University study sheds light on soaring oil prices in rural Alaska

Posted: Sunday, June 08, 2008

FAIRBANKS - A study by the University of Alaska Anchorage helps explain why rural Alaska villages are paying exorbitant prices for home heating oil.

The study by the university's Institute of Social and Economic Research was conducted for the Alaska Energy Authority, which wants to find ways to hold down future energy prices.

Researchers identified 10 communities that vary in population, are geographically diverse and obtain and store fuel in different ways. Factors including transportation mode, competition, storage capacity and the condition of docks and fuel-handling equipment have more influence on consumer costs than oil prices at any given time, according to researchers.

The analysis began in November and the figures already are out-of-date with energy costs continually rising. Crude oil cost about $80 per barrel in November, compared to a mid-May price of $120.

"Everything has completely changed," said ISER research associate Meghan Wilson. She said the situation has become worsened in a number of the communities studied.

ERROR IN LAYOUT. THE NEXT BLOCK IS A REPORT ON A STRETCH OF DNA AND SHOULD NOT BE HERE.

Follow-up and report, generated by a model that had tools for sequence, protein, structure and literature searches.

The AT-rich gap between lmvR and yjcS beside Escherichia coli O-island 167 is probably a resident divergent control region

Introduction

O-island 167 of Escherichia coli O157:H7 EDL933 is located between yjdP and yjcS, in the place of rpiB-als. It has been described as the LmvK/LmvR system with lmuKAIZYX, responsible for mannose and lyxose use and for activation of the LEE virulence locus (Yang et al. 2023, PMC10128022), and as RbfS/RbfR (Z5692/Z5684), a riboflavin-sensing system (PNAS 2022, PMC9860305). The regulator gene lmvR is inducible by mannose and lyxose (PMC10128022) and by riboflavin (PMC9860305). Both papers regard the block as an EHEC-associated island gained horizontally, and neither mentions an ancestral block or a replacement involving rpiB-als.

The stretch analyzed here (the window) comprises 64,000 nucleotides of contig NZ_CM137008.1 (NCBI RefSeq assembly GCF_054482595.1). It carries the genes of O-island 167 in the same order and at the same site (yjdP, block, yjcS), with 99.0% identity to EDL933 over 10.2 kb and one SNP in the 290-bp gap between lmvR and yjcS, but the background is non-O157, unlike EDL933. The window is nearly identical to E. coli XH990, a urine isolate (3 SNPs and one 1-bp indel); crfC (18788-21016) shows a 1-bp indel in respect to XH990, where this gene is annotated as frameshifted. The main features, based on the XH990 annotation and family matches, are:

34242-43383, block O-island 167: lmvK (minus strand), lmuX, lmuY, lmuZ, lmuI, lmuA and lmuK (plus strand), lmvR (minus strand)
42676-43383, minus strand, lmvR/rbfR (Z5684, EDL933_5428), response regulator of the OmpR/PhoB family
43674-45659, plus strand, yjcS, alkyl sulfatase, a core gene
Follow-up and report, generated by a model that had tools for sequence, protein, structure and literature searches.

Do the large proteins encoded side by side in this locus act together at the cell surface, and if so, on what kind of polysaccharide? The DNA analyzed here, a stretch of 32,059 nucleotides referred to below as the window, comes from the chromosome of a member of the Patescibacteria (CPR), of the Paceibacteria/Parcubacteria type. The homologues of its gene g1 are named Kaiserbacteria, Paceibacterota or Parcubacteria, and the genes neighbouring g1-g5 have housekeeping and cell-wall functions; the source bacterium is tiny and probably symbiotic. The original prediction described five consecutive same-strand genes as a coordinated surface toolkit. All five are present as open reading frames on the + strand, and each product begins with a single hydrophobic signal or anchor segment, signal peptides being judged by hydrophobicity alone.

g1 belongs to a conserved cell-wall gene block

Interior villages studied were Fort Yukon, Alatna and Allakaket, with the latter two studied together because they are neighboring communities on opposite sides of the Koyukuk River.

Alatna and Allakaket registered the second-highest prices for fuel oil at $5.50 per gallon. Costs to fly fuel from Fairbanks and low storage capacity keep the prices high, researchers said.

Fuel oil is delivered on barges 400 miles from Nenana to Fort Yukon and stored for distribution throughout the region, according to research associate Nick Szymoniak. He said a generous storage capacity - about 660,000 gallons - helps make fuel oil more affordable and offsets the high cost of barge transportation.

Until recently, Fort Yukon retailers were selling fuel obtained last summer, Szymoniak said. New shipments will cost at least $1 more per gallon in refined fuel costs - and that doesn't include transportation increases, he said. Alatna and Allakaket, whose fuel is flown in, will likely see even greater increases.

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